Design thinking #5: evaluation. Getting innovation roughly right before taking on unnecessary expense.

In our mini-series about the design thinking process, we’ve debunked a couple of myths and stretched a long-established method. While there’s no doubt the system works, we always think it’s worth calling out some details.

The evaluation of ideas is as important as every other stage, because it crosses the line with selection and testing. Important, too, because it’s now possible to select concepts, with a structure we use every day, making initial selection more precise than ever before.

Here are the criteria:

  1. Commercial factors: will it sell?
  2. Regulatory control: are you allowed to sell it?
  3. Technical feasibility: is it possible – and if not, what’s the solution?
  4. Timing: when will the market be ready for it?

However, boardroom and peer group opinion is only part of the answer. What we must also do is remove all emotional and functional bias from the decision and ask our consumers what they think. Established and practised market research (MR) companies can do this in their sleep. But MR can adopt a formulaic approach, often influenced by budget. Ask a market researcher to do a basic product test and that’s what you’ll get. Ask them to get creative and the price goes up. It’s not surprising – as consultants, their expertise is valuable.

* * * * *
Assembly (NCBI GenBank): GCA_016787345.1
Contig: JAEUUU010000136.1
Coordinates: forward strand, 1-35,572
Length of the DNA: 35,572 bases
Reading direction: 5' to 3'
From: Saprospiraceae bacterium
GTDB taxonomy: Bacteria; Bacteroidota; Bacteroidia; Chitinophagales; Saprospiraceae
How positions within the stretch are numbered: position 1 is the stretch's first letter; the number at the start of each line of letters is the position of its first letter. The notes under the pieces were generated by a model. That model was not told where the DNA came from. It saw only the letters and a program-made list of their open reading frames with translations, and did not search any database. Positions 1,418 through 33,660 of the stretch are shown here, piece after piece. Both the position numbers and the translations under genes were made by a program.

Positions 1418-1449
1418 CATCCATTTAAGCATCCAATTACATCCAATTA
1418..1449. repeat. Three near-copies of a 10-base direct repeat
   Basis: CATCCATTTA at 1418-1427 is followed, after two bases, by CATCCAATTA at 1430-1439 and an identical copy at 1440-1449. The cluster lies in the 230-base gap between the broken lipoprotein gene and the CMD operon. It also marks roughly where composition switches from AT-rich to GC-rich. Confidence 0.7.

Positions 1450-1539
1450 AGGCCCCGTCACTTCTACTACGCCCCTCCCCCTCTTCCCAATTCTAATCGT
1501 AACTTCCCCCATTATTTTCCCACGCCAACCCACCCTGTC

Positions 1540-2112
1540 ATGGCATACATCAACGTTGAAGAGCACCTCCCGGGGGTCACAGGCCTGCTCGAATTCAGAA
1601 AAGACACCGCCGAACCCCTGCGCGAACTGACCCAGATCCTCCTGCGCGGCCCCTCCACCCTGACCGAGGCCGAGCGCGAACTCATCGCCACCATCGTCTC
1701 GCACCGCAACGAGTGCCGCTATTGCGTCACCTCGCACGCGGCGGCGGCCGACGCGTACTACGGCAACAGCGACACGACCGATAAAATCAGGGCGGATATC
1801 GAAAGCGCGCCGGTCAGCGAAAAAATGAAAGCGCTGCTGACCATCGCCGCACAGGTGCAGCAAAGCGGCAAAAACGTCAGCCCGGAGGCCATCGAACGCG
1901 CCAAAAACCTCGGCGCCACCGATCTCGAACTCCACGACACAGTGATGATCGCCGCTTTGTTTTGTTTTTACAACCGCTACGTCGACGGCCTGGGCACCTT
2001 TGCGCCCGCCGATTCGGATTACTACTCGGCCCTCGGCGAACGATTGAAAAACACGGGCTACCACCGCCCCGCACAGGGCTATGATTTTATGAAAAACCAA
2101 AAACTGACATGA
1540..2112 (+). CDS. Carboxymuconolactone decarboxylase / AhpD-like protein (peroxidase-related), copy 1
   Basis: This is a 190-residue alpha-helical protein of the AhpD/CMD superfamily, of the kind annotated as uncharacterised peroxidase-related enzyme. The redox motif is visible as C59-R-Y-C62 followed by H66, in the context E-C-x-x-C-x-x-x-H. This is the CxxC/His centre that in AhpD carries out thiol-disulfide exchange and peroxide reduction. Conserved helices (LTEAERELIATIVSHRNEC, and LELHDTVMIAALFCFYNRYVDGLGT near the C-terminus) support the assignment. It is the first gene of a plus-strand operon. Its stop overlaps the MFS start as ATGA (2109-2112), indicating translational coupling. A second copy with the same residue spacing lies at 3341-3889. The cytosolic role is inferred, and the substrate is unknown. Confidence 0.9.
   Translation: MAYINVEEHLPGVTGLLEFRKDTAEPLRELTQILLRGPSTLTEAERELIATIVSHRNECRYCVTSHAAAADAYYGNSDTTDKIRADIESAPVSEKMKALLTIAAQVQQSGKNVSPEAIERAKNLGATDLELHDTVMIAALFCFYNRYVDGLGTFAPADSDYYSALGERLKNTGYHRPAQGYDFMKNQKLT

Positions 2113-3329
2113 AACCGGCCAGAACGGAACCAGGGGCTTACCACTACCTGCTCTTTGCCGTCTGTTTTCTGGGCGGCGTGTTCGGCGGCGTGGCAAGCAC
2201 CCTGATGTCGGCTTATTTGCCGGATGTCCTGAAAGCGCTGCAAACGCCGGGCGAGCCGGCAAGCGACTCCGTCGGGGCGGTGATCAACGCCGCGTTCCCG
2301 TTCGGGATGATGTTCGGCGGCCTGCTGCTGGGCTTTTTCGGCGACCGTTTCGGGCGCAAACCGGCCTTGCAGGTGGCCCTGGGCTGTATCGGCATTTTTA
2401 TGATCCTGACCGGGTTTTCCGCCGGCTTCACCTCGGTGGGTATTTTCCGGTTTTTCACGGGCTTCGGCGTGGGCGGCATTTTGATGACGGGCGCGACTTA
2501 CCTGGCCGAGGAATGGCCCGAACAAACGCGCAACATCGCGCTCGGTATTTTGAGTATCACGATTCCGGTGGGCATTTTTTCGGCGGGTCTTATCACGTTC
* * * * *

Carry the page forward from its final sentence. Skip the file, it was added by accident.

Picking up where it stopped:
Reaching the point of selection by applying a prescribed set of criteria based on insight gets you closer to a viable solution before committing to the cost of external testing. For smaller enterprises, this is both important and prudent. For larger concerns, used to commissioning support, it’s not necessary to keep doing the same thing. In fact, we recommend you don’t.

In our e-book, ‘See your data differently’ (you can download it here), we discuss how to release value from the investment you’ve already made in market research. Looking back at consumer reaction to earlier ideas may sound counter-intuitive, but it’s about as low-cost as you can get.

Testing or evaluating concepts are not single acts either. At every step, refer back to the data – test, test and test again. And then, when you’ve developed the idea a bit more, do it over again. Whether you call this structured selection or evaluation and testing, it’s all part of getting to a place that’s better than roughly right, and decidedly better than totally wrong.

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